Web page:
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  • Takeaways: Bruins avoid another meltdown and overtime appearance

    Tim Rosenthal March 1, 2024

    Under normal circumstances, the Boston Bruins embarked on an unorthodox route to avoid a record-tying seventh consecutive overtime appearance.

    But, to some, the sequence of events leading to their first regulation win in three weeks looked par for the course.

    “It was such a good first period; let’s not do that again,” joked Jim Montgomery after watching his team jump out to a 3-0 lead in the opening 20 minutes. “Remember the Seinfeld episode, do the complete opposite? I said, ‘Let’s do the complete opposite and keep the crowd in the game.’ We don’t want anyone leaving early, you know?”

    Jerry Seinfeld may chuckle at that reference. But the Causeway Street faithful wanted to avoid another Groundhog Day scenario against a returning Bruce Cassidy and the defending Stanley Cup champion Vegas Golden Knights.

    Morgan Geekie converted on a breakaway and finished a 2-on-1 sequence with David Pastrnak flanking him on the rush to bookend Boston’s three-goal opening frame. In between Geekie’s pair, Boston’s fourth line pounced on a second-effort play after a returning Jakub Lauko fed Jesper Boqvist in the slot.

    A crafty baseball-like tally from Paul Cotter 1:48 into the second set the tone for Vegas’ comeback bid.


    The latest set of leaks around the front of the net seemingly set the Bruins on the path to another collapse.

    With multiple Bruins overskating the puck to clear aa rebound, Alex Pietrangelo followed through on to pull Vegas within one just 5:09 after Cotter’s tally.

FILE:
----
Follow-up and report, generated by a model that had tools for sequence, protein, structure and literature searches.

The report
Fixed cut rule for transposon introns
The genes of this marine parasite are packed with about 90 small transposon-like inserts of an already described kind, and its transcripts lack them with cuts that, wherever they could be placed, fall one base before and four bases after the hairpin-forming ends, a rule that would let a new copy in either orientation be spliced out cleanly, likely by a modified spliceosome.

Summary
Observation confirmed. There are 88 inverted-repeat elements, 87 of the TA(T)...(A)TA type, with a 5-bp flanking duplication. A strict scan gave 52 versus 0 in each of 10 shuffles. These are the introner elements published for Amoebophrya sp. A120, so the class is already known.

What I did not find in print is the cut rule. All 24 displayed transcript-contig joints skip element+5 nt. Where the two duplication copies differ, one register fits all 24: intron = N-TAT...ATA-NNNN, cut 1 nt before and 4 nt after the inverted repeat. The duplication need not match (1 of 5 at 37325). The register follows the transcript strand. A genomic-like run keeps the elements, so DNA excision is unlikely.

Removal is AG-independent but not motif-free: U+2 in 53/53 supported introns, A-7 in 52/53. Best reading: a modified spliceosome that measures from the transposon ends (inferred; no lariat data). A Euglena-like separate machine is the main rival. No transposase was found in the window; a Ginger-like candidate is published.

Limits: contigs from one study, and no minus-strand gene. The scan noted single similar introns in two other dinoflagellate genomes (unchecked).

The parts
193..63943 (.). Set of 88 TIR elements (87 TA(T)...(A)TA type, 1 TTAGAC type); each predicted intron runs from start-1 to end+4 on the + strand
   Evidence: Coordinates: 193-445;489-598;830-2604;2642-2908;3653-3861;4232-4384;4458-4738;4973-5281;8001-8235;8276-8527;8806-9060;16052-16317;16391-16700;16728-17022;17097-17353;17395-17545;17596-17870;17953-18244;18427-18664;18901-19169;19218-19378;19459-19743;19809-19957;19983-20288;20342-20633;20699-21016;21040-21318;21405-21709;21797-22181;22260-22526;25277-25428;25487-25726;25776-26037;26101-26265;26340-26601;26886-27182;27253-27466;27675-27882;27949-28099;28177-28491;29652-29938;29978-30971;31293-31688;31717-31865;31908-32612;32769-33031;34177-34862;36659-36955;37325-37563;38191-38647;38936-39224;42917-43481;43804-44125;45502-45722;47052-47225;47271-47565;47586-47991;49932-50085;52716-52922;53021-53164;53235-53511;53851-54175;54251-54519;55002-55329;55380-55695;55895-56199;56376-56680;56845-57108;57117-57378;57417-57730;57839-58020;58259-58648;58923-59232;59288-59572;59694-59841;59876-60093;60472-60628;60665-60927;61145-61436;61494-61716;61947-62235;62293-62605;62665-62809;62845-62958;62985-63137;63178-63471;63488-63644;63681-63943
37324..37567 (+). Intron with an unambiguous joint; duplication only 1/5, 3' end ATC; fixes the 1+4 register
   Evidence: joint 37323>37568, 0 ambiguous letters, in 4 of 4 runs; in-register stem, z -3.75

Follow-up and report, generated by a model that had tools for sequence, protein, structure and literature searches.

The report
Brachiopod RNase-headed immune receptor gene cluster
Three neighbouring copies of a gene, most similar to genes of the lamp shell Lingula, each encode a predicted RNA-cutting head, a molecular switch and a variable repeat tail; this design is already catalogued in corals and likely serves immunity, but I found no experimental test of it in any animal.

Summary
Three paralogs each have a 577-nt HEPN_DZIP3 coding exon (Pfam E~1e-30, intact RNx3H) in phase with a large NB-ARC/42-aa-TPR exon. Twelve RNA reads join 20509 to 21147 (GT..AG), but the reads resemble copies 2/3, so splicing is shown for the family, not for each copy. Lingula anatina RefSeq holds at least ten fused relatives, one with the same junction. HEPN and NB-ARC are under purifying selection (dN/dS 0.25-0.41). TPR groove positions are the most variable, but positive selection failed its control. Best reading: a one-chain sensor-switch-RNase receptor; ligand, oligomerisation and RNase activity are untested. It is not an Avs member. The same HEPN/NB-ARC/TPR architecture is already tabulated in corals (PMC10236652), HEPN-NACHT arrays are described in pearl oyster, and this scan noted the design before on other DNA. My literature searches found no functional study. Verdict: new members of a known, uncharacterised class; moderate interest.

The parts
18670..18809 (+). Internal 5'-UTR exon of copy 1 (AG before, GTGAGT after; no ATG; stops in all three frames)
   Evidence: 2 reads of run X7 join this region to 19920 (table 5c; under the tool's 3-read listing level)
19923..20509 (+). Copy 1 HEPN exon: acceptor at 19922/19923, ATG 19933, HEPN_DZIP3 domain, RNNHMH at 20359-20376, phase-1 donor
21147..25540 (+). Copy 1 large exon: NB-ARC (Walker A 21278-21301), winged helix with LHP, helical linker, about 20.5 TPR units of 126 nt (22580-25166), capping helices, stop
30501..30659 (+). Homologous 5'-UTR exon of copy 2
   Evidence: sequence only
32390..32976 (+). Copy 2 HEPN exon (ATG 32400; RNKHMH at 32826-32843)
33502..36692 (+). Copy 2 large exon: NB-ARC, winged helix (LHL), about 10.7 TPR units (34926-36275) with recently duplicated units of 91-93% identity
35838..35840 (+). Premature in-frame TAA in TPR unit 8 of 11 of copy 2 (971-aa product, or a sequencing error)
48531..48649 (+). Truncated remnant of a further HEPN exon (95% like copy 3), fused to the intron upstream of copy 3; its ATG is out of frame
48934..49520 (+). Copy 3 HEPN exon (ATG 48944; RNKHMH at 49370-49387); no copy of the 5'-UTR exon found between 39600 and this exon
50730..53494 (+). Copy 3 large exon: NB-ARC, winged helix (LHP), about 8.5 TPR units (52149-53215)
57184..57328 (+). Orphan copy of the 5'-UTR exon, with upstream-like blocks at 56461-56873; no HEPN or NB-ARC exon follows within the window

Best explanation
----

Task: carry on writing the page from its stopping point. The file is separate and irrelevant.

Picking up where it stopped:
Geekie completed his first career hat trick after tipping Pastrnak’s initial shot attempt past Adin Hill at 16:32. Yet, the Bruins quickly relinquished their two-goal cushion after Michael Amadio notched his 11th of the season after his shot from the slot found its way through traffic against a screened Jeremy Swayman.

    In the third, a struggling Boston power play turned its first attempt into disaster after Chandler Stephenson promptly took advantage of a David Pastrnak turnover to pull even 5:01 in.

    The primary power-play unit failed to cash in on their second attempt, but the secondary unit picked up the slack at a pivotal moment. Mason Lohrei’s one-timer put the Bruins ahead for good with 4:37 remaining.

    Matt Grzelcyk committed an ill-timed holding the stick minor 1:38 after Lohrei’s go-ahead tally. But Boston’s shorthanded unit stood out in closing time, delivering timely clears out of the attacking end and forcing them into mostly perimeter-based attempts to secure their 5-4 win.

    Here’s what we learned following Boston’s first regulation win since their 4-0 triumph over the Canucks on Feb. 8.

    Geekie paces secondary scoring after being robbed — and nicked — in Seattle homecoming.


    For two seasons, Geekie served as a bottom-six standout, helping the expansion Kraken get off the ground.

    He made the most of his time with the league’s 32nd team, providing the Kraken additional complimentary minutes on the penalty kill in addition to his 5v5 duties. He’s encountered an expanded role in Boston, working his way to the middle six.

    With the increase in ice time, Geekie has already surpassed his previous career highs from his final season in the Emerald City. Upon his return to Seattle, Geekie displayed two-way assertiveness on multiple occasions.

    A goaltender interference review in Toronto prevented Geekie from giving his current team a 3-2 lead in the third. As “CSI Toronto” continues to examine the ongoing debate of what constitutes goalie interference, the fourth-year pro picked up where he left off, notching his first career hat trick Thursday.

    “It’s something you don’t really ever think about going into a game,” Geekie said of his three-goal outing. “But it’s always fun, especially when you get two points. So, it was good to close that one out, especially the way we